Case ScheduleInfer:Consider the step https://static-content.springer.com/image/art%3A10.1007%2Fs10817-022-09621-7/MediaObjects/10817_2022_9621_IEq1877_HTML.gif . We assume \(\iota \in FLInf (\mathcal {N}{}_{k+1} {\downarrow }_\mathsf {active})\) for some \(\iota \) and show \(\iota \in \lceil T \cup T'\rceil \cup \bigcup _{i=0}^{k+1} Red _{\text {I}}^{\cap {\mathcal {G}}_{\mathbf {L}}}(\mathcal {N}{}_i)\). If \(\iota \in FLInf ( \mathcal {N}{\downarrow }_\mathsf {active}, (C, \mathsf {active}))\), then \(\lfloor \iota \rfloor \in T'\) by definition of \(T'\) and thus \(\iota \in \lceil T \cup T' \rceil \). Otherwise, \(\iota \in FLInf (\mathcal {N}{\downarrow }_\mathsf {active})\). By the induction hypothesis, \(\iota \in \lceil T \rceil \cup \bigcup _{i=0}^k Red _{\text {I}}^{\cap {\mathcal {G}}_{\mathbf {L}}}(\mathcal {N}{}_i)\). In both cases, \(\iota \in \lceil T \cup T' \rceil \cup \bigcup _{i=0}^{k+1} Red _{\text {I}}^{\cap {\mathcal {G}}_{\mathbf {L}}}(\mathcal {N}{}_i)\).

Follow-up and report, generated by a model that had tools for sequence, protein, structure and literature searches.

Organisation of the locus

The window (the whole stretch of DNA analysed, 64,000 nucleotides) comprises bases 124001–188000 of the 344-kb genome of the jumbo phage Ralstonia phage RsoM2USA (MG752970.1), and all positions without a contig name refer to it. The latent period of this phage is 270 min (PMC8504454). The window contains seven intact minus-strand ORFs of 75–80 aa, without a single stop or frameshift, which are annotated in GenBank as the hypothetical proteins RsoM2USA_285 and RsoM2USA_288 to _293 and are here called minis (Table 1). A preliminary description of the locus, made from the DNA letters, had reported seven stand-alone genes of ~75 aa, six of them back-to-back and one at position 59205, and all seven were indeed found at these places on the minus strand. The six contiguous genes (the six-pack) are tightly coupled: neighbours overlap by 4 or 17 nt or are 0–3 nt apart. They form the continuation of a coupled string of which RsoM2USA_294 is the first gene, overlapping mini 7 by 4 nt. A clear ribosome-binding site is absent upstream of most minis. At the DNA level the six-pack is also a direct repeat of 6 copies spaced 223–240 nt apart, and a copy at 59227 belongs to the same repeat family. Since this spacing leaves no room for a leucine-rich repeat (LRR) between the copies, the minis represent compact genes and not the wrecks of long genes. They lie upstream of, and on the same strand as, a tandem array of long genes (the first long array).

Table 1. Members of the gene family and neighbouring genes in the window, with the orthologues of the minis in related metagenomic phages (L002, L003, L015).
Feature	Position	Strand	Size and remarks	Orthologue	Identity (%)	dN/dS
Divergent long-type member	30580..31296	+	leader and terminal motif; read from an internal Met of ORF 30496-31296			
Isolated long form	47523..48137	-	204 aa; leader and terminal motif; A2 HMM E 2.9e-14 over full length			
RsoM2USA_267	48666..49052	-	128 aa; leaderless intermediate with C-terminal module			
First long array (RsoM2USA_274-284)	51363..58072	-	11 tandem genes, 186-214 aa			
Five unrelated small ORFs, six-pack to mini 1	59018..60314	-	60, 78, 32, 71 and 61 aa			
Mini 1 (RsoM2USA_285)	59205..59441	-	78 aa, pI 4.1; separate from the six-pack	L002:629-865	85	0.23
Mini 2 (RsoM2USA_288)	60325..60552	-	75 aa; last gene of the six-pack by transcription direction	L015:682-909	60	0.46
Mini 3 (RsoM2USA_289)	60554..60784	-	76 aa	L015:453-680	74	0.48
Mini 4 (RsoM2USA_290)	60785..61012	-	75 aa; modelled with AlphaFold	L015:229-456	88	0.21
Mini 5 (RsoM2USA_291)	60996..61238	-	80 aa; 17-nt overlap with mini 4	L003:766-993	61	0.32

Case ComputeInfer:Consider the step https://static-content.springer.com/image/art%3A10.1007%2Fs10817-022-09621-7/MediaObjects/10817_2022_9621_IEq1888_HTML.gif . We assume \(\iota \in FLInf (\mathcal {N}{}_{k+1} {\downarrow }_\mathsf {active})\) for some \(\iota \) and show \(\iota \in \lceil T \rceil \cup \bigcup _{i=0}^{k+1} Red _{\text {I}}^{\cap {\mathcal {G}}_{\mathbf {L}}}(\mathcal {N}{}_i)\). By ComputeInfer’s side condition that \(\mathcal {M}{\downarrow }_\mathsf {active} = \emptyset \), we have that \(\iota \in FLInf (\mathcal {N}{\downarrow }_\mathsf {active})\). By the induction hypothesis, \(\iota \in \lceil T \cup \{\iota '\}\rceil \cup \bigcup _{i=0}^k Red _{\text {I}}^{\cap {\mathcal {G}}_{\mathbf {L}}}(\mathcal {N}{}_i)\). If \(\iota \in \lceil \{\iota '\} \rceil \), then \(\iota \in Red _{\text {I}}^{\cap {\mathcal {G}}_{\mathbf {L}}}(\mathcal {N}\cup \mathcal {M})\) by ComputeInfer’s last side condition. Otherwise, \(\iota \in \lceil T \rceil \cup \bigcup _{i=0}^k Red _{\text {I}}^{\cap {\mathcal {G}}_{\mathbf {L}}}(\mathcal {N}{}_i)\). In both cases, \(\iota \in \lceil T \rceil \cup \bigcup _{i=0}^{k+1} Red _{\text {I}}^{\cap {\mathcal {G}}_{\mathbf {L}}}(\mathcal {N}{}_i)\).